By NICK KOSACK
Special to the Saipan Tribune
Growing up on Saipan I developed a deep love for the natural world. It provides us with food, recreation, and jobs from tourists who want to come and appreciate the island’s beauty. It is my belief that, both locally and globally, environmental degradation is one of the biggest threats to our health and prosperity. After I graduated college and spent some years in the work force, I felt the need to do something with my career that could make a difference and contribute to a cause that mattered to me.
I have returned to school with a new perspective, transitioning from the arts to the sciences. Currently, I am taking classes at the Minneapolis Community and Technical College where I will be getting my associate degree in biology. After that, I hope to transfer to the University of Minnesota where I will pursue a degree in Environmental Science Policy and Management with an emphasis in Conservation and Resource Management.
It is an exciting journey and the Coral Reef Internship is an invaluable part of that. The CRI program is an amazing opportunity to get hands-on learning outside the classroom and see what a career in this field would actually be like. I’ve had the great fortune to be accepted into the program and be placed in the Division of Environmental Quality with their Marine Monitoring Team. My mentor here, Steven Johnson, is a past intern himself and provides both scientific and technical instruction as well as perspective on how these things interact with the social and cultural context.
My primary project during the internship is collecting water quality data at the various survey sites offshore around the island. To do this, the tools I use are a YSI and a turbidimeter. The YSI has a sensor that is placed in the water and provides information about the temperature, pH, dissolved oxygen level, and salinity. The turbidimeter measures a sample and tells us how cloudy the water is. All of these measurements give us important clues as to the health of the area’s seagrasses and corals. The chemistry of the water is particularly important to seagrasses and corals because, unlike fish or people, they are unable to relocate to a new area if conditions are no longer favorable or even dangerous.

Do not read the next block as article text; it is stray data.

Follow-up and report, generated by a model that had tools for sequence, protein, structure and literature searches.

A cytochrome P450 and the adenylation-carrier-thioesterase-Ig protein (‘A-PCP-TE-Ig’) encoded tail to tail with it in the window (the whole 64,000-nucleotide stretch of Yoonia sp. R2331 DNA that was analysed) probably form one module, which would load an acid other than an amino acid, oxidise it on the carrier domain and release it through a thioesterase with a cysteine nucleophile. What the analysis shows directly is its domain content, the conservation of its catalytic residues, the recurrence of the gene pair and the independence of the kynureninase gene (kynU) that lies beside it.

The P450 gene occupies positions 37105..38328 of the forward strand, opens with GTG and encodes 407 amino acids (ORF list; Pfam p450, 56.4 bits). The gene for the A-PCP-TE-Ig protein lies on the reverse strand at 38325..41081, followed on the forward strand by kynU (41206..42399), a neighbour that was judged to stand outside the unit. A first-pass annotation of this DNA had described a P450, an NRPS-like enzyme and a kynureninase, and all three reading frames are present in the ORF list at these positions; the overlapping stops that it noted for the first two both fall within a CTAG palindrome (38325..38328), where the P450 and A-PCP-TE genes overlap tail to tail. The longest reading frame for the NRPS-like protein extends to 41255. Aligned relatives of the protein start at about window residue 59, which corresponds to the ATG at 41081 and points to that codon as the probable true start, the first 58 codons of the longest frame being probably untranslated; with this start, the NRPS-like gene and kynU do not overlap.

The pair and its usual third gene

Reefs can only survive within a narrow range of conditions and may start to die off with changes in the water chemistry. Keeping the reefs as healthy as possible by managing local conditions is the best and only defense we have against the global rise in ocean temperatures. These organisms are important foundations for the local ecosystem. They provide a place for fish to feed and grow and protection from the large waves created by storms.
The data that I am collecting gives us a quick snapshot and a hint of what these conditions are. However, the true value of the data is when it is combined with other data sets and multiple measurements over time. By comparing it to future measurements we can spot trends. We can find statistical correlation to find out which factors are having the biggest impact on reef health by adding it as an extra layer of information combined with measurements of coral health at the same site. Even better, we can use the data to evaluate the effectiveness of management strategies being implemented on shore. If a certain project is being done to reduce runoff the data should reflect this over time. If it doesn’t, then we know that tactic is ineffective and that time, effort, and resources should be shifted to different techniques. Feedback on effective strategies reduces waste and improves our knowledge and ability to implement management practices that work well.
My time as an intern has been more than collecting water data as well. There is always something new to learn and it has been a great experience. I have also participated in reef surveys, CoralWatch events checking for coral bleaching, cleaning of the CREWS-ICON station in Lao Lao Bay, educational outreach events, discussion groups, and helping some of my fellow interns with their projects. There is no substitute for learning by doing and I’ve had the chance to do a variety of things. It has been a fantastic opportunity to see what science out in the field is like.